art has always been food for my soul, i however keep on returning to the historical representations; they seem richer and less demanding or perhaps just more familiar.

i was hungry, but it wasn’t lunchtime yet. who was the creator of the mealtime convention anyway? i decided to blame it on the fact that i had an early breakfast. the café had just opened. 10am; they were busy setting up the market across the street and it was getting busy outside. still, i was alone in the café except for the waiter who was busy wiping down the counter. the smell of beer and cleaning liquid filled the air. i watched him watching me watch him. it’s quite common in amsterdam to find an entire establishment, regardless of size, with only one person serving drinks, taking orders, cooking and washing up. so i waited, signalled and waited some more; eventually in a very heavy accent he asked what i’d like:
‘i’ll have a croque monsieur and a coffee please’,
he replied, a frown forming above his ice blue eyes; ‘ok, coke zero and coffee, anything to eat?’.

my idealist expressions seem at war with my romanticist conceptions.

navigating the plethora of conventional constructs that forms part of art theory, is becoming seriously complex. even while the auction prices for those unattainable works soar amidst the mechanics of the art market, the value and meaning of art in social consciousness has taken on a very un-unique element not dissimilar to the initial effects after the invention of photography.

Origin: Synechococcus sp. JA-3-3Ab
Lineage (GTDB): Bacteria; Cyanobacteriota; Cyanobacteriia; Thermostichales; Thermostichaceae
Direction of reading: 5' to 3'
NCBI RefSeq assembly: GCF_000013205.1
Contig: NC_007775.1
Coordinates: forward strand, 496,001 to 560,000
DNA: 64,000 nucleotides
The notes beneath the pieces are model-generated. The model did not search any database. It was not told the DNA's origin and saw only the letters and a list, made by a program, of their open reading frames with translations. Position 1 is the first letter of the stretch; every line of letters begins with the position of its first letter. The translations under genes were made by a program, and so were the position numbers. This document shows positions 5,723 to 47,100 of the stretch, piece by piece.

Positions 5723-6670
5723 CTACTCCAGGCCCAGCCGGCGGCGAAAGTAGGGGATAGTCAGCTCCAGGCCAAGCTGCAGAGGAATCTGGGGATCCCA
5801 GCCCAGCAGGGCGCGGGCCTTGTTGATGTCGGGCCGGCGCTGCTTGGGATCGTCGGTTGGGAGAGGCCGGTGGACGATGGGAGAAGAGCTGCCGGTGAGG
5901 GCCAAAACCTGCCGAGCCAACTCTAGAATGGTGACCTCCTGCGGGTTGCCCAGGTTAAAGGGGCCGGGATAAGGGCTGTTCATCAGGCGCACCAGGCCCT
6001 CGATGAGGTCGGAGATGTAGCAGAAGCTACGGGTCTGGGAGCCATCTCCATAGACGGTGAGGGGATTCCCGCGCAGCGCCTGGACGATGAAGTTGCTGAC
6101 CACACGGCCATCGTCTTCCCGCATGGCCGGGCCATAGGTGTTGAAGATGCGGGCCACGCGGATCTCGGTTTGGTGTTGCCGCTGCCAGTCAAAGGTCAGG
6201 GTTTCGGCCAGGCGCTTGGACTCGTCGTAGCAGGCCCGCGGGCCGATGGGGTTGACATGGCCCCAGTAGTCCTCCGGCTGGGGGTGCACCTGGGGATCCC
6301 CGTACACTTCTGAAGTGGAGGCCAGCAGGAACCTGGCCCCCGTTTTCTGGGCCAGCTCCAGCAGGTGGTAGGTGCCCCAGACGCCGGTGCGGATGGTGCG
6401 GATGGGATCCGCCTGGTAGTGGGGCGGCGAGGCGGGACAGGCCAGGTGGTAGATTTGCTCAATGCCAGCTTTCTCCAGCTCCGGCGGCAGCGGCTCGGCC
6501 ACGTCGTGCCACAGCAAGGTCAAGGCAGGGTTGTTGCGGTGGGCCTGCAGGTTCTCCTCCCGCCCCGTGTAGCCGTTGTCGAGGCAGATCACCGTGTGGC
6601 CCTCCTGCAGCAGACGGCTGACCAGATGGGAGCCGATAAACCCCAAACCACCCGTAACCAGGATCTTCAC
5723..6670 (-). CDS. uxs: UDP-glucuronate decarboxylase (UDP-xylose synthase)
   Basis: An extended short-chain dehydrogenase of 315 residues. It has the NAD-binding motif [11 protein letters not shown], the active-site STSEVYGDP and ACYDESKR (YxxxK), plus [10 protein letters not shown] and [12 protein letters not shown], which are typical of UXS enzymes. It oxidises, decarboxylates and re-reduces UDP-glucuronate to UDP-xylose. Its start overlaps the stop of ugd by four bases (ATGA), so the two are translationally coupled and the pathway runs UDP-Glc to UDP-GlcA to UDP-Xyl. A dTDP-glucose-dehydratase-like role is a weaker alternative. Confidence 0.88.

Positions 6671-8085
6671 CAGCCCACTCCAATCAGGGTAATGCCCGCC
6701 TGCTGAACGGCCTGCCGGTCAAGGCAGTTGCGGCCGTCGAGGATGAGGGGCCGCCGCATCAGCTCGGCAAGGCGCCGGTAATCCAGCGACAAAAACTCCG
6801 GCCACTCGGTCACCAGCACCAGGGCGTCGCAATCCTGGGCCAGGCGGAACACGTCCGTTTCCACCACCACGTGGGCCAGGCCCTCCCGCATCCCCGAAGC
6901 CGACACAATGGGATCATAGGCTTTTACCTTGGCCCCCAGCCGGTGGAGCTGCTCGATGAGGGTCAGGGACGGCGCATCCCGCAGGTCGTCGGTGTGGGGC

the function and philosophy of art has reached a certain stalemate which arthur c. danto describes at length in ‘after the end of art’; his twentieth century conjecture on hegel’s ‘end of art’ theory.

the end of art doesn’t mean there won’t be anymore art, in fact i suspect there’ll be much more, since the formal constraints of practice and purpose have been lifted in both the object and the meaning; a democratisation has given way to a plurism.

the effect now however seems that with such an abundance of art, it gets diluted to an extent in which it becomes difficult to evaluate.

in his face there were many pages; half written scribbles and some badly drawn pictures. there were no photos or numbers to incriminate him. exactitude faded into ambiguity; facts became interpretation, empirical evidence only intuition.

from an art historical point of view i would have to agree that we have perhaps reached the end of a chapter in western twentieth century art. i believe duchamp left the door open; thats how the reason escaped.